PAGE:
How would you reposition the Gap?

While these vexing economic times have crippled many retailers, San Francisco-based Gap Inc.'s troubles seem to have started long before Sept. 11. In fact, for the first nine months of fiscal 2001, ended Nov. 3, net income at the company, which owns the Banana Republic, Gap and Old Navy brands, plunged 96%. Moreover, in December, its mammoth Gap chain was dealt its 19th consecutive month of declining same-store sales. Compare that to the untroubled 1990s: sales climbed from $1.93 billion in fiscal 1990 to $11.64 billion in fiscal 1999 - when the retailer pretty much owned the khaki wear category. Such success soon spawned a slew of imitators, like Levis' Dockers brand, which forced the banner to expand outside of its expertise, culminating in the introduction of far-out fashion elements like oddly printed tees and god-awful-bright hues. This only baffled shoppers who could already get cheap-and-cheerful designer imitations from the likes of Le Chateau, and more recently, Gap's own youthful sibling, Old Navy. So how can Gap, which has 4,100 stores worldwide and 224 in Canada, steer its ship toward a more profitable future? And how can other Canadian retailers take advantage of its current situation? Below, three experts share their thoughts.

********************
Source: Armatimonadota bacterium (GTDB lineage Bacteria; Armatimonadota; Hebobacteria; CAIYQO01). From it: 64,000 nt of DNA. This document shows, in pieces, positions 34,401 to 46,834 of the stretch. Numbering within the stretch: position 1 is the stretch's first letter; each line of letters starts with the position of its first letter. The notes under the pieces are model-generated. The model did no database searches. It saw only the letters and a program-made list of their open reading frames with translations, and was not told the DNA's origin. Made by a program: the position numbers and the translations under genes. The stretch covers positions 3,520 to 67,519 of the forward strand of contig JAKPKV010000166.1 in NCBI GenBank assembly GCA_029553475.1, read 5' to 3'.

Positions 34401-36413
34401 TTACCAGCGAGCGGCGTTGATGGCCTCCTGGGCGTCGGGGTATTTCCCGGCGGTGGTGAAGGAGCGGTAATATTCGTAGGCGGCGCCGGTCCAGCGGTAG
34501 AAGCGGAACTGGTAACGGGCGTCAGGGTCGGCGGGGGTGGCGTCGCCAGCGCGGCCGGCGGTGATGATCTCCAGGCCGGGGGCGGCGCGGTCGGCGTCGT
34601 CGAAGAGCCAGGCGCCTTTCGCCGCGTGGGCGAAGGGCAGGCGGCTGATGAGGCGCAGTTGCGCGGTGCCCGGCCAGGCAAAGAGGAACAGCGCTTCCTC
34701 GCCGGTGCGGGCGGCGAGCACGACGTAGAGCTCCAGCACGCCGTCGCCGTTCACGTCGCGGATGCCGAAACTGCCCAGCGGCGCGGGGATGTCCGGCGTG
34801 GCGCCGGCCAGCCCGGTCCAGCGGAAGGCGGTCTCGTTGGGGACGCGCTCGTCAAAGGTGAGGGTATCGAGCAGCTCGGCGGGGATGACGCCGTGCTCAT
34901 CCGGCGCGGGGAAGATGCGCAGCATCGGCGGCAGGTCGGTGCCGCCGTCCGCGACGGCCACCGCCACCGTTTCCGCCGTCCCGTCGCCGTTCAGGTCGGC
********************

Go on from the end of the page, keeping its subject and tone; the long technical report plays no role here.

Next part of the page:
While these vexing economic times have crippled many retailers, San Francisco-based Gap Inc.’s troubles seem to have started long before Sept. 11. In fact, for the first nine months of fiscal 2001, ended Nov. 3, net income at the company, which owns the Banana Republic, Gap and Old Navy brands, plunged 96%. Moreover, in December, its mammoth Gap chain was dealt its 19th consecutive month of declining same-store sales. Compare that to the untroubled 1990s: sales climbed from $1.93 billion in fiscal 1990 to $11.64 billion in fiscal 1999 – when the retailer pretty much owned the khaki wear category. Such success soon spawned a slew of imitators, like Levis’ Dockers brand, which forced the banner to expand outside of its expertise, culminating in the introduction of far-out fashion elements like oddly printed tees and god-awful-bright hues. This only baffled shoppers who could already get cheap-and-cheerful designer imitations from the likes of Le Chateau, and more recently, Gap’s own youthful sibling, Old Navy. So how can Gap, which has 4,100 stores worldwide and 224 in Canada, steer its ship toward a more profitable future? And how can other Canadian retailers take advantage of its current situation? Below, three experts share their thoughts.

Maureen Atkinson

Retail analyst

J.C. Williams Group, Toronto

Maureen Atkinson suggests a clearer distinction between Gap Inc.’s banners, particularly between Gap and Old Navy.